Intracerebral Borna disease virus infection of bank voles leading to peripheral spread and reverse transcription of viral RNA
Kinnunen PM, Inkeroinen H, Ilander M, Kallio ER, Heikkilä HP, et al. (2011) Intracerebral Borna Disease Virus Infection of Bank Voles Leading to Peripheral Spread and Reverse Transcription of Viral RNA. PLoS ONE 6(8): e23622. doi:10.1371/journal.pone.0023622
Published inPLoS ONE
© 2011 Kinnunen et al. This is an open-access article distributed under the terms of the Creative Commons Attribution License, which permits unrestricted use, distribution, and reproduction in any medium, provided the original author and source are credited.
Bornaviruses, which chronically infect many species, can cause severe neurological diseases in some animal species; their association with human neuropsychiatric disorders is, however, debatable. The epidemiology of Borna disease virus (BDV), as for other members of the family Bornaviridae, is largely unknown, although evidence exists for a reservoir in small mammals, for example bank voles (Myodes glareolus). In addition to the current exogenous infections and despite the fact that bornaviruses have an RNA genome, bornavirus sequences integrated into the genomes of several vertebrates millions of years ago. Our hypothesis is that the bank vole, a common wild rodent species in traditional BDV-endemic areas, can serve as a viral host; we therefore explored whether this species can be infected with BDV, and if so, how the virus spreads and whether viral RNA is transcribed into DNA in vivo. We infected neonate bank voles intracerebrally with BDV and euthanized them 2 to 8 weeks post-infection. Specific Ig antibodies were detectable in 41%. Histological evaluation revealed no significant pathological alterations, but BDV RNA and antigen were detectable in all infected brains. Immunohistology demonstrated centrifugal spread throughout the nervous tissue, because viral antigen was widespread in peripheral nerves and ganglia, including the mediastinum, esophagus, and urinary bladder. This was associated with viral shedding in feces, of which 54% were BDV RNA-positive, and urine at 17%. BDV nucleocapsid gene DNA occurred in 66% of the infected voles, and, surprisingly, occasionally also phosphoprotein DNA. Thus, intracerebral BDV infection of bank vole led to systemic infection of the nervous tissue and viral excretion, as well as frequent reverse transcription of the BDV genome, enabling genomic integration. This first experimental bornavirus infection in wild mammals confirms the recent findings regarding bornavirus DNA, and suggests that bank voles are capable of bornavirus transmission. ...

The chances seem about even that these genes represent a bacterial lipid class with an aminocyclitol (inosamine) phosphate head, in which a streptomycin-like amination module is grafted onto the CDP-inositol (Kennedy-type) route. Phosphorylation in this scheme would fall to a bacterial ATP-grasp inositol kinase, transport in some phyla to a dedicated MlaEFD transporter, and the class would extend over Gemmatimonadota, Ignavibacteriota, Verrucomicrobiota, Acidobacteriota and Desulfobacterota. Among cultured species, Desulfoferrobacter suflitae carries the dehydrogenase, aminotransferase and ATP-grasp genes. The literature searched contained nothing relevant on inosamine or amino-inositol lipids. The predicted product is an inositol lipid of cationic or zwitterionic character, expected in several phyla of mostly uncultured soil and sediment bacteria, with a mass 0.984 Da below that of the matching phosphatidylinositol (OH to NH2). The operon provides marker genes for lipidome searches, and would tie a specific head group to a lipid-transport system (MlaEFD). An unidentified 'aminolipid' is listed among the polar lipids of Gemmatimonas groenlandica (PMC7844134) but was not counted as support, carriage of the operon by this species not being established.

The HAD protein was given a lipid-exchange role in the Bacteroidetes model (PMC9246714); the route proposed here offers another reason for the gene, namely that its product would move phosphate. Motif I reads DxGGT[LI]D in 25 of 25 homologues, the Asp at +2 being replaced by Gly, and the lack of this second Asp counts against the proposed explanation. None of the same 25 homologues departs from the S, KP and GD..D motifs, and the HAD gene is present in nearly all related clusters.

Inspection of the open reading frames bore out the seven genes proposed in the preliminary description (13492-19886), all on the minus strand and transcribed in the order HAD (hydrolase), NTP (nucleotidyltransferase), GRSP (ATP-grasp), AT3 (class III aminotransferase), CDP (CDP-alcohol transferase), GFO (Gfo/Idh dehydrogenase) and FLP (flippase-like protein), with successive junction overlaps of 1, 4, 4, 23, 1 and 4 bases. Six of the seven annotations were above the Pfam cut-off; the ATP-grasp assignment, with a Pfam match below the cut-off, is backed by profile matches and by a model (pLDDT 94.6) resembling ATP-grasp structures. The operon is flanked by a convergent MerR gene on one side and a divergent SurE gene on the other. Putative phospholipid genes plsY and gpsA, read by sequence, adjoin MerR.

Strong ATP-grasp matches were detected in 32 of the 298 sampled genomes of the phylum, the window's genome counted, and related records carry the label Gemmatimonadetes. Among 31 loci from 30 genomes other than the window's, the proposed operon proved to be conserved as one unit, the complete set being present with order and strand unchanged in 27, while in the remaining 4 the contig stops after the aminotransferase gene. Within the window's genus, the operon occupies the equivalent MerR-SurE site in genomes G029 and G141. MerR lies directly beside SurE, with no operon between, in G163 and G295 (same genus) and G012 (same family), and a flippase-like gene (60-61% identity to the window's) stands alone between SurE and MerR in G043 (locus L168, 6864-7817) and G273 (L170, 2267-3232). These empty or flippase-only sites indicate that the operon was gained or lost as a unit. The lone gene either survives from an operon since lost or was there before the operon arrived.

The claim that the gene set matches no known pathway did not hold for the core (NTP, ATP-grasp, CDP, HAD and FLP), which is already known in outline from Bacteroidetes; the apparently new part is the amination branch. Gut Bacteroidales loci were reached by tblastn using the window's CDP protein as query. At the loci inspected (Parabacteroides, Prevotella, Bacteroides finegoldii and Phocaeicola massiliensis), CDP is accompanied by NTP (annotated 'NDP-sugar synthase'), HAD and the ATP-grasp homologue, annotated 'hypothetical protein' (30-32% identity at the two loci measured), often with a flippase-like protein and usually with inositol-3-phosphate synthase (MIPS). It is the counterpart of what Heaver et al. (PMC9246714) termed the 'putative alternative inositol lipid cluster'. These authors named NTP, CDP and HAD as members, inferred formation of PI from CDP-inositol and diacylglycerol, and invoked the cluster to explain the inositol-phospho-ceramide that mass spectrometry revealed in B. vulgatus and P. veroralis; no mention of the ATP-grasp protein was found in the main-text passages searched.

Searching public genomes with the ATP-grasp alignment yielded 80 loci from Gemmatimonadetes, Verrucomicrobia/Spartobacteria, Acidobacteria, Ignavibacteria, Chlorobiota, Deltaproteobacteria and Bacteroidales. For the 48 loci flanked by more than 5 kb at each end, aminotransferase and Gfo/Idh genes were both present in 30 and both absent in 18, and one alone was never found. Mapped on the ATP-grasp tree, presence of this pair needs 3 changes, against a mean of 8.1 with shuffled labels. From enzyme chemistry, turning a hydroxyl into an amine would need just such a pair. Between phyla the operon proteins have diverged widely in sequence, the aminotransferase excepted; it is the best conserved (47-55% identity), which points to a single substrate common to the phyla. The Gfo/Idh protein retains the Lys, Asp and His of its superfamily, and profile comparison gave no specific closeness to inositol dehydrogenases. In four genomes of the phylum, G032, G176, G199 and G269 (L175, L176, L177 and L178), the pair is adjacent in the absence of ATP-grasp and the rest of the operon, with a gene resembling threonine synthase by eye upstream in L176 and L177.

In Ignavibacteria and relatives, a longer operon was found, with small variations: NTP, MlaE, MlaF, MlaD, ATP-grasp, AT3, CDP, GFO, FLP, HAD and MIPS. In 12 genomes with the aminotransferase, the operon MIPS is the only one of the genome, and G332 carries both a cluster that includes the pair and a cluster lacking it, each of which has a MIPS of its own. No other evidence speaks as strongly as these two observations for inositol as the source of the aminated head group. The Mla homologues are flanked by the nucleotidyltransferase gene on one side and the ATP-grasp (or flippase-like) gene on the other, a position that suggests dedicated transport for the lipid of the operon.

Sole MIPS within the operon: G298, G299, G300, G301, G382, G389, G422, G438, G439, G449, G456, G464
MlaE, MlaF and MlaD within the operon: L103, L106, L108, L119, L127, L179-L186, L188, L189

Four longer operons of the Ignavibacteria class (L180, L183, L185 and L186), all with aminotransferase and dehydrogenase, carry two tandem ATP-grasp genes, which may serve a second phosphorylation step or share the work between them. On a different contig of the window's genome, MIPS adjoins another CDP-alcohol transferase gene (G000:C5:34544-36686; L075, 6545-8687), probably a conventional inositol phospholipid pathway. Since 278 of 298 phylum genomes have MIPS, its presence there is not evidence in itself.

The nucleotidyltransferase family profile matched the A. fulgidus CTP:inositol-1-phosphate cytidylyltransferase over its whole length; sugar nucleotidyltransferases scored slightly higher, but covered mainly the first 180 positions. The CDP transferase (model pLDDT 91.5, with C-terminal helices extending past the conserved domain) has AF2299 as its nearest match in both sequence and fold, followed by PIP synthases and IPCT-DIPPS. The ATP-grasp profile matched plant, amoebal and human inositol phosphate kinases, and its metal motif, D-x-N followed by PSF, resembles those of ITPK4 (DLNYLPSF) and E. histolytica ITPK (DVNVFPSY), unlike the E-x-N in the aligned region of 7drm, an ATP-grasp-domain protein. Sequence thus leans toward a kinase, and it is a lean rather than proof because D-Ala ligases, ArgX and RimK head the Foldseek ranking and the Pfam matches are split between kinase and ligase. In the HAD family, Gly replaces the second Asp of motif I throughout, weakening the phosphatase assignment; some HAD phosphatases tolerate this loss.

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Except where otherwise noted, this item's license is described as © 2011 Kinnunen et al. This is an open-access article distributed under the terms of the Creative Commons Attribution License, which permits unrestricted use, distribution, and reproduction in any medium, provided the original author and source are credited.